May 15, 2014 5:53 p.m. ET
Families are drawn to Asheville, N.C., for its small-town feel, good schools and great outdoors. Young hipsters come for the eclectic vibe, craft breweries and lively music scene. And older Americans like the gentle seasons, health-care facilities and educational opportunities, such as the Osher Lifelong Learning Institute at University of North Carolina Asheville, which offers courses and activities for seniors.
But the great life comes at a price. For houses priced above $500,000, 2013 was the strongest year since 2007, said Don Davies, owner of a real-estate agency that bears his name and includes Realsearch, a service that tracks real-estate trends in Asheville and surrounding Buncombe County. In the first four months of this year, the average asking price rose to $459,500, from $409,400 in the year-ago period.
“We’re approaching the record asking prices of 2008,” said Mr. Davies. At the same time, he noted, the number of homes sold from January through April dropped by 6% from the same period last year, mostly because of thin inventory and buyers’ difficulties in securing a down payment or mortgage.
Earlier this month, Hadley Cropp, an agent with Asheville Realty Group, represented buyers from Chicago who bought a home on Reynolds Mountain in trendy North Asheville, at the asking price of $860,000. The four-bedroom, three-bathroom property sold within two weeks of its listing. “The market has totally shifted,” said Ms. Cropp. “It’s a seller’s market.”
Boosting Asheville’s appeal are its distinctly different neighborhoods. Young, progressive residents flock to the burgeoning River Arts District, with its vibrant arts scene. The cool crowd also likes West Asheville, a funky area across the French Broad River that has tattoo parlors, bike shops and creative eateries.
“This is like a resort, but there is enough infrastructure to get done what you need to get done.”
—Home buyer John McNabb
Older, more established home buyers prefer the pricier community of Biltmore Forest near the Biltmore Estate, Asheville’s biggest tourist attraction, and the Ramble, a newer, gated community nearby that is attracting young families. Demand for luxury homes above $1 million is coming back with strength, said Ann Skoglund, an agent with Beverly-Hanks & Associates. Her most expensive listing is a $10.75 million house modeled on a French château in Biltmore Forest, but most homes in the leafy suburb cost between $1 million and $1.5 million.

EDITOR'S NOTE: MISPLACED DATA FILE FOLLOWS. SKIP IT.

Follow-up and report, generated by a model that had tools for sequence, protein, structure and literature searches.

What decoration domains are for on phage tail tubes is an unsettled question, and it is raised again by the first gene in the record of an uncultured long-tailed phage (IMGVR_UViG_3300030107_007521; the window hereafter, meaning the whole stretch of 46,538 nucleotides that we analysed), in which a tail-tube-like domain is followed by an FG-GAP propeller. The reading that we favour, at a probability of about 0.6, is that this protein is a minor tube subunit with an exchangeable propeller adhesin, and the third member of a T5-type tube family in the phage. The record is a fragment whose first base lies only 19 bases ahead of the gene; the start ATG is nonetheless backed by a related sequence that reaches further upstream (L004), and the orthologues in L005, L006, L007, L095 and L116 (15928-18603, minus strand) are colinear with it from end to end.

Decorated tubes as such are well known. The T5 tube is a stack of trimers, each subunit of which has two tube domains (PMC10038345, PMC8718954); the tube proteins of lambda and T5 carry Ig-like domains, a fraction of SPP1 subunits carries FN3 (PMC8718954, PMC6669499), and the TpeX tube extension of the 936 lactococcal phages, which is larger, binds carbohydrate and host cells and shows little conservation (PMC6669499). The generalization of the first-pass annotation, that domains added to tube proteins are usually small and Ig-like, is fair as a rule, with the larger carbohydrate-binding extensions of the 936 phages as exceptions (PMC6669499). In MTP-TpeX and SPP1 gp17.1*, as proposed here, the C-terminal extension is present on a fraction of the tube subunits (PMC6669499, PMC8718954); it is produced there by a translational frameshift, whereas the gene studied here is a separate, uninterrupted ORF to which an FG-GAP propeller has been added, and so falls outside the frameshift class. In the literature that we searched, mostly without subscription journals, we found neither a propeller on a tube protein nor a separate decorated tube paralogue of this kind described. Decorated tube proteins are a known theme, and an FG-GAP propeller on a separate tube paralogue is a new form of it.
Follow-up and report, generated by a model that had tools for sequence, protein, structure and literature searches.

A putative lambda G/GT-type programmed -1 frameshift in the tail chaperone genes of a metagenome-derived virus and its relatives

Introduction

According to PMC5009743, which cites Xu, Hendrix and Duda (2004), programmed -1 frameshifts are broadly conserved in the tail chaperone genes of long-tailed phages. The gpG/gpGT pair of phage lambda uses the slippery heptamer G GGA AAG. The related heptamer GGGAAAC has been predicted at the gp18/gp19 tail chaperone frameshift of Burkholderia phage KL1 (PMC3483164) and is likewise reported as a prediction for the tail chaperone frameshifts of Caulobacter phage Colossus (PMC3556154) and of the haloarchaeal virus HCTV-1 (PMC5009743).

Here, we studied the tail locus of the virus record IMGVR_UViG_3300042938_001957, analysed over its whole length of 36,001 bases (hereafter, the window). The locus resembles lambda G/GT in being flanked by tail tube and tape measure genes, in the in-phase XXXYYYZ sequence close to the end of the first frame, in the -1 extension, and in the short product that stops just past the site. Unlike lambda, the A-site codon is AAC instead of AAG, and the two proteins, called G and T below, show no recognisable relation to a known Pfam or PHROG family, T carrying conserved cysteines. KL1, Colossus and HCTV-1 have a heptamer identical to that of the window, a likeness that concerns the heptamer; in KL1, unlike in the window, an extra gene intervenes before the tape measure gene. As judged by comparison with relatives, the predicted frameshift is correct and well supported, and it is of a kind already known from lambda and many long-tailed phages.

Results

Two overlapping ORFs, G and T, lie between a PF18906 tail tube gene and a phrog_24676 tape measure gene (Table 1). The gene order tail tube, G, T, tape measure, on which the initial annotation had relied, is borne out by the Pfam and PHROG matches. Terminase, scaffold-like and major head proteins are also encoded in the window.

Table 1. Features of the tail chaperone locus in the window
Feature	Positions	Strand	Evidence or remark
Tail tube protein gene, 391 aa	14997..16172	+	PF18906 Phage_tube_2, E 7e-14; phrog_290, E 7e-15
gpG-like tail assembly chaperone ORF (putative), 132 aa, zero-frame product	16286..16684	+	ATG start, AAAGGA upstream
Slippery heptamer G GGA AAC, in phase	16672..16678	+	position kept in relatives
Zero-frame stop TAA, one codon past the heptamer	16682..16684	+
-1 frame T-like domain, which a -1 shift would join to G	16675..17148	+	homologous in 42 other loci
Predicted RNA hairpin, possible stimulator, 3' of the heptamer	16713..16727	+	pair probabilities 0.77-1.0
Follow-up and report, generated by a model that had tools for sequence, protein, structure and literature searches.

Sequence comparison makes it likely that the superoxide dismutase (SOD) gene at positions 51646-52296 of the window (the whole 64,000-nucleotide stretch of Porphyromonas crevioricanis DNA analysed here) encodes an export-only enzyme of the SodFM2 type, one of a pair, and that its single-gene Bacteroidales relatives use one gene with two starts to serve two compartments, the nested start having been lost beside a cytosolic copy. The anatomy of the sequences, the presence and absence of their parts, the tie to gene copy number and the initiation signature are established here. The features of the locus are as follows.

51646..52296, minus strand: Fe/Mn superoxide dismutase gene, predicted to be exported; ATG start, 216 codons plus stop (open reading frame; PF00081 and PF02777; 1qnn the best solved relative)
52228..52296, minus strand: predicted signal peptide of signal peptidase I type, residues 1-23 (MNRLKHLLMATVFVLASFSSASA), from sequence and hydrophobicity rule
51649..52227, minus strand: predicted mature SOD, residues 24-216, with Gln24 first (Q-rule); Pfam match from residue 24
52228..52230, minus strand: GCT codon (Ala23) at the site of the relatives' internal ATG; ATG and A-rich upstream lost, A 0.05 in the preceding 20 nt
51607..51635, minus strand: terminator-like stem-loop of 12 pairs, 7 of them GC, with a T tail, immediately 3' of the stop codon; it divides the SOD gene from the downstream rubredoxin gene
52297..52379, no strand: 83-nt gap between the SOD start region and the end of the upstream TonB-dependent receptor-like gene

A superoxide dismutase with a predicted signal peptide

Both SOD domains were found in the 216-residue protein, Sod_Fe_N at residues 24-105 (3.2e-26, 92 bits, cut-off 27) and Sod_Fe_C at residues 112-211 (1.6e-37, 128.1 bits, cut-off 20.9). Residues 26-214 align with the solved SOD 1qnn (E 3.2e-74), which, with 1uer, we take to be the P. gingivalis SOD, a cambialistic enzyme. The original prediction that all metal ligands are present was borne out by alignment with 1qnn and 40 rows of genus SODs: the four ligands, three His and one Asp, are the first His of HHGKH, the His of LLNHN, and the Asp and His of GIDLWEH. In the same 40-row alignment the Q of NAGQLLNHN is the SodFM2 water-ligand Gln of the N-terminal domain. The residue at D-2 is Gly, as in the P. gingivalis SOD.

Houstonians John and Darlene McNabb bought a 9,000-square-foot Tudor-style house last year in Biltmore Forest, a community located a few minutes from Asheville and near a private country club that was started in 1922 by the Vanderbilt family.
The McNabbs paid $2.8 million for their four-bedroom home on 2.4 acres overlooking a golf course. While still Texas residents, they now spend several months a year exploring the Blue Ridge Mountains, along with the food and art scene in Asheville.
“This is like a resort, but there is enough infrastructure to get done what you need to get done,” said Mr. McNabb, vice chairman of investment banking for Duff & Phelps Corp. in Houston and chairman of Willbros Group Inc., WG +1.73% a Houston-based company specializing in energy infrastructure.
Recently, Asheville’s downtown Art Deco district was filled with evening strollers, to a backdrop of street music and noise spilling out of restaurants, many of them with a farm-to-table approach. At one, a modern tapas place called Curate, every seat at the bar was taken. In the summer, there are free downtown concerts, along with art gallery walks and annual events such as an arts and crafts show and a beer festival. Beer is a big part of Asheville’s ascent. Sierra Nevada Brewing Co. and Colorado-based Oskar Blues have expanded into the area, and craft brewer New Belgium is building a new brewery in Asheville.
“It will bring in jobs, it will bring in tourists and it will bring in money,” said Mike Miller, co-owner of Town and Mountain Realty. At the same time, he is concerned that Asheville will be “loved to death,” as he said, with new arrivals driving up property prices and causing future home buyers to look elsewhere. Mr. Miller said that in the past most buyers came from the New York area and Florida, but he is now getting calls from across the country, as well as Canada and Japan. He also noted a growing interest in new and green construction.
Terri King, president of Coldwell Banker King in Asheville, said she is seeing increasing demand for downtown luxury condominiums, especially from older residents who retired to large houses outside Asheville who then downsized to more manageable homes within walking distance of local attractions. Properties currently under contract include two contemporary condos atop the Hotel Indigo, IHG.LN -0.27% a high-rise with sweeping mountain views. One, a three-bedroom, was listed for $918,900, while the other, a two-bedroom, was listed for $810,900.
“The challenge of being a destination market is that the cost of living is higher than in, say, Knoxville, [Tenn.],” said Ms. King. “When people come to Asheville, they typically get sticker shock.”
Write to Cecilie Rohwedder at [email protected]